by: Natasha Chen Updated:
SEATTLE - Just 10 days before the lucrative king crab season is supposed to start, the government shutdown is preventing the required permits from being distributed to fishing vessels.
The permits designate catch quotas for each boat and are required for crews to begin legally fishing. Until then, boats remain docked and idle, which could cost the industry millions of dollars.
Many vessels are already at Dutch Harbor in Alaska, standing by.
Capt. Moore Dye of the Western Mariner fishing vessel said his crew was just preparing to leave the fisherman's terminal in Seattle. On Saturday morning, his crew worked on loading dozens of pots onto the boat.
"The king crab season is like the Super Bowl of crab fishing. It's short, it's a lot of money, really fast," Dye said.
But with the possible delay in the start of the season, challenges arise when trying to meet specific deadlines for shipments to Japan, the largest buyer.
"It'll more drive up the price for us to catch it. Because we have to sit around with the engines running, guys are sitting idle, so it could add up," he said.
Dye is feeling other effects of the shutdown, besides the lack of permits. Even looking up a forecast is complicated.
"I went on my website this morning to get the offshore forecast for the trip across, but the NOAA website was down."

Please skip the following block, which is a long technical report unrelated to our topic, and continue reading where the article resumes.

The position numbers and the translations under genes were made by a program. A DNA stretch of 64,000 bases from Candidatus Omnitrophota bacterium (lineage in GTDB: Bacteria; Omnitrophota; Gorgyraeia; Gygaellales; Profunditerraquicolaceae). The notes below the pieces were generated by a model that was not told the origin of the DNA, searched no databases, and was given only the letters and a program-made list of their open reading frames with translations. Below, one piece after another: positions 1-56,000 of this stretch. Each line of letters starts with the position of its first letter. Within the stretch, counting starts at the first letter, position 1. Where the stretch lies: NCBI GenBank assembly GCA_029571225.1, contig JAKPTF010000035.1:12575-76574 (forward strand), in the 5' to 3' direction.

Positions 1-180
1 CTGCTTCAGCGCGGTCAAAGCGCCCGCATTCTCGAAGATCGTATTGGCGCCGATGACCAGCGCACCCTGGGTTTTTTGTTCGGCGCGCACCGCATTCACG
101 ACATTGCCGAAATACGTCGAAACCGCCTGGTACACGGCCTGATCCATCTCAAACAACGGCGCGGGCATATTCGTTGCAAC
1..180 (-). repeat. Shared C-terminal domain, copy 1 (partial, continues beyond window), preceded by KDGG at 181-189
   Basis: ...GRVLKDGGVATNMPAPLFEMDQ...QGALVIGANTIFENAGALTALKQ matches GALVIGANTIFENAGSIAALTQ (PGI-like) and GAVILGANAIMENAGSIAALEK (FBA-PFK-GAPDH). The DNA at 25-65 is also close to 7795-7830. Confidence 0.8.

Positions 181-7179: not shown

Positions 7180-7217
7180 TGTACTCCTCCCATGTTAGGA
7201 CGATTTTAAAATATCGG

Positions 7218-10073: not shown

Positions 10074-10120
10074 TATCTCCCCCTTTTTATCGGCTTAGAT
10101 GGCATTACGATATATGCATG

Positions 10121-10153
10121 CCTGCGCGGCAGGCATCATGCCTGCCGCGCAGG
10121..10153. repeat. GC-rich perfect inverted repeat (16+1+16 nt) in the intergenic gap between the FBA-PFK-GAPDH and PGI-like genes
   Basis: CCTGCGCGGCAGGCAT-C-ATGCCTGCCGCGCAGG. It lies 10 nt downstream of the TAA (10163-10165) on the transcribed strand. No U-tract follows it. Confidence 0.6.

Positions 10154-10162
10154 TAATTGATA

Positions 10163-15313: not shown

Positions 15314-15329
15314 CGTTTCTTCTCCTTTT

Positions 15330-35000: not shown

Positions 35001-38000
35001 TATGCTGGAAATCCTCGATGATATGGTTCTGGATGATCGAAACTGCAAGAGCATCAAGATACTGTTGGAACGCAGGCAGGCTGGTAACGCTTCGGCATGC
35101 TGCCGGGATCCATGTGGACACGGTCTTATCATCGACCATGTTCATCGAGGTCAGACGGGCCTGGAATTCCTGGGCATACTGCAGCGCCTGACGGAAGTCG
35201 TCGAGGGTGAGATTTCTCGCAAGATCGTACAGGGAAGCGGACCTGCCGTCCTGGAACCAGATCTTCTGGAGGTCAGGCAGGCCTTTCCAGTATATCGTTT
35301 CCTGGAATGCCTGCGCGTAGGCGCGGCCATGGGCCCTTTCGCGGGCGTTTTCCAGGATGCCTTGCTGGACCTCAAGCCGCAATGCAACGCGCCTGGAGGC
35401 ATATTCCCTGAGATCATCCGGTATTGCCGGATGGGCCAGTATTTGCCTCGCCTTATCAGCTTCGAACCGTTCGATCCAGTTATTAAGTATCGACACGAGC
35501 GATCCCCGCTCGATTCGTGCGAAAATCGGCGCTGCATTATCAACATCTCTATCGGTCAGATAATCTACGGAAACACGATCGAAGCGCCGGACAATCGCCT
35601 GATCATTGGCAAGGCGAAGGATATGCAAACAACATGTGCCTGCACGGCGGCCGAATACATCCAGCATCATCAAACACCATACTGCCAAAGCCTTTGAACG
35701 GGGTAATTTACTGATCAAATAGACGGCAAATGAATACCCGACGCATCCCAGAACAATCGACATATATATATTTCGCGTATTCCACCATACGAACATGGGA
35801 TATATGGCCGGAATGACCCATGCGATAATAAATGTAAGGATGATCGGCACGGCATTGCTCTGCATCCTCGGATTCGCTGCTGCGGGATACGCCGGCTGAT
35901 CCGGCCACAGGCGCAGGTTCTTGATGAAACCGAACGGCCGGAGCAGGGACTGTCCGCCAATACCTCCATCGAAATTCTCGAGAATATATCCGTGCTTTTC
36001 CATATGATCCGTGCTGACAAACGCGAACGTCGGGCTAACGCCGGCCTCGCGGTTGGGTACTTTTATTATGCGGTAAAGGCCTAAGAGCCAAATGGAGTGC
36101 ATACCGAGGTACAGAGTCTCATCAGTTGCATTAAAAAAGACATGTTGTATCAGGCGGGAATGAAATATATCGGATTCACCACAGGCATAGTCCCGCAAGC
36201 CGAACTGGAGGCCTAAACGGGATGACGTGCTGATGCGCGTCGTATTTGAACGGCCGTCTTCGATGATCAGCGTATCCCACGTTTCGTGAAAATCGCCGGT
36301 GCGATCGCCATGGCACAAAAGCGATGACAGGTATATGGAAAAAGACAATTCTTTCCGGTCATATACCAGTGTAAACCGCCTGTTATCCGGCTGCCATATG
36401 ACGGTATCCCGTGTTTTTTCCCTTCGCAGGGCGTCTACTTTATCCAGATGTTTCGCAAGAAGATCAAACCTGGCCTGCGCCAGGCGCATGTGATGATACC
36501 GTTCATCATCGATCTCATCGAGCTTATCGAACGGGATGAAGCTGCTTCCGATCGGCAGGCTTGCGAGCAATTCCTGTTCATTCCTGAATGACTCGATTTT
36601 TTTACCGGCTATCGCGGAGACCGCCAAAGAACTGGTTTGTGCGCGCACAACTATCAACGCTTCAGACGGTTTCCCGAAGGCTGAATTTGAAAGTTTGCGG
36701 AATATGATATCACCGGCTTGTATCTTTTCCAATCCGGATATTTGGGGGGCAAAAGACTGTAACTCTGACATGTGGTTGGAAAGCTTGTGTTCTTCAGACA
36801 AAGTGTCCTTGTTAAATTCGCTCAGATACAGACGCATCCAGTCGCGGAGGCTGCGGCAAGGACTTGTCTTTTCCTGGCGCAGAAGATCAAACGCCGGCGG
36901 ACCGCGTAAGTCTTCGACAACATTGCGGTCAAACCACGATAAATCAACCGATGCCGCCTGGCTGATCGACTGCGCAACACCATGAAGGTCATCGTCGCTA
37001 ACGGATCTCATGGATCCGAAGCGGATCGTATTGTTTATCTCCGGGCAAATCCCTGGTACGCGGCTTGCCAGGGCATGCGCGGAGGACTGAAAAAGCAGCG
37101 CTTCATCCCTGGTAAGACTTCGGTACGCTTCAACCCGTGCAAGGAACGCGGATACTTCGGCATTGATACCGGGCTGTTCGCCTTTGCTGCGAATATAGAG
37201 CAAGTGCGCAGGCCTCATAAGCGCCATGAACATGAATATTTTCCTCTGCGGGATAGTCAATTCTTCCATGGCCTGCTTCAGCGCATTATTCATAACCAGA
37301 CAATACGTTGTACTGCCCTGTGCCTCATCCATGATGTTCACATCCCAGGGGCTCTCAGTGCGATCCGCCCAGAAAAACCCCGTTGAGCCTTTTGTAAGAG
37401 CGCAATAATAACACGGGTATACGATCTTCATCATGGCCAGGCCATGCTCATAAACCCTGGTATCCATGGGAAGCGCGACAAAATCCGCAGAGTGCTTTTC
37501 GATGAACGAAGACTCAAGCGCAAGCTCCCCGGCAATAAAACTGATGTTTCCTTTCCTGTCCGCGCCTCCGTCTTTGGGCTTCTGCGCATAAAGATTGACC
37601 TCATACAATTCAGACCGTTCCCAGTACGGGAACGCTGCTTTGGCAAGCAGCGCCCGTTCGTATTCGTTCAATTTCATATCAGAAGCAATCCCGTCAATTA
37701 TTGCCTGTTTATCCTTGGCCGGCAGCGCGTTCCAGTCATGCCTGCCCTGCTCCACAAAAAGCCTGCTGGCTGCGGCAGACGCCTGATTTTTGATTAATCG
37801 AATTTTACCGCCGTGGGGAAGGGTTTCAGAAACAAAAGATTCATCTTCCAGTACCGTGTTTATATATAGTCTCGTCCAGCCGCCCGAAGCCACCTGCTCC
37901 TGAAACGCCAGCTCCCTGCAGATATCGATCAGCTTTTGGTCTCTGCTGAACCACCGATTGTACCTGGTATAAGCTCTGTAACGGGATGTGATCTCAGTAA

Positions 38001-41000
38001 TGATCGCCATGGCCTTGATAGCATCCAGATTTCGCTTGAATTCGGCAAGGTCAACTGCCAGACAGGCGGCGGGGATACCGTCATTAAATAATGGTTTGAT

Plus, the U.S. Coast Guard sent a letter to owners and operators of commercial fishing vessels, saying coast guard inspectors would not be able to incur travel costs. So any required safety examinations will have to be done where the inspectors are located.
Those with boats docked at more remote ports will have to spend extra time and money to get to major ports for inspection.
Rep. Suzan Del Bene (D) spoke about the issue on the House floor.
"Instead of a fiscal cliff, right now we're facing a fishing cliff in the Bering Sea, unless Congress acts before the season is scheduled to start on Oct. 15," DelBene said.
With the Asian holiday season approaching, DelBene said that the fishing industry could incur losses if they don't meet the demand in time.
"This is unacceptable. Our fishermen deserve better than this. Their families deserve better than this. The processors, suppliers and other businesses that rely on a vibrant Alaskan king crab season all deserve better than this," she said.
The ripple effect can be felt from the fishing vessels to the market, where king crab is sold.
At Pure Foods Fish at Pike Place Market, king crab is currently $34.50 per pound.
"I could see it going up to $40 a pound, even without the issue we're having here," said Sean Lakeside at Pure Foods Fish.
The issue of no permits, though, could keep prices high for the next year. Lakeside said that king crab has already been harder to come by lately.
"It's one of the very most popular items, especially for people who don't live here. They don't have a clue. It's just overwhelming and then they watch that show, and it's exciting," he said.
Both Lakeside and Dye said that they hope the shutdown doesn't last too much longer.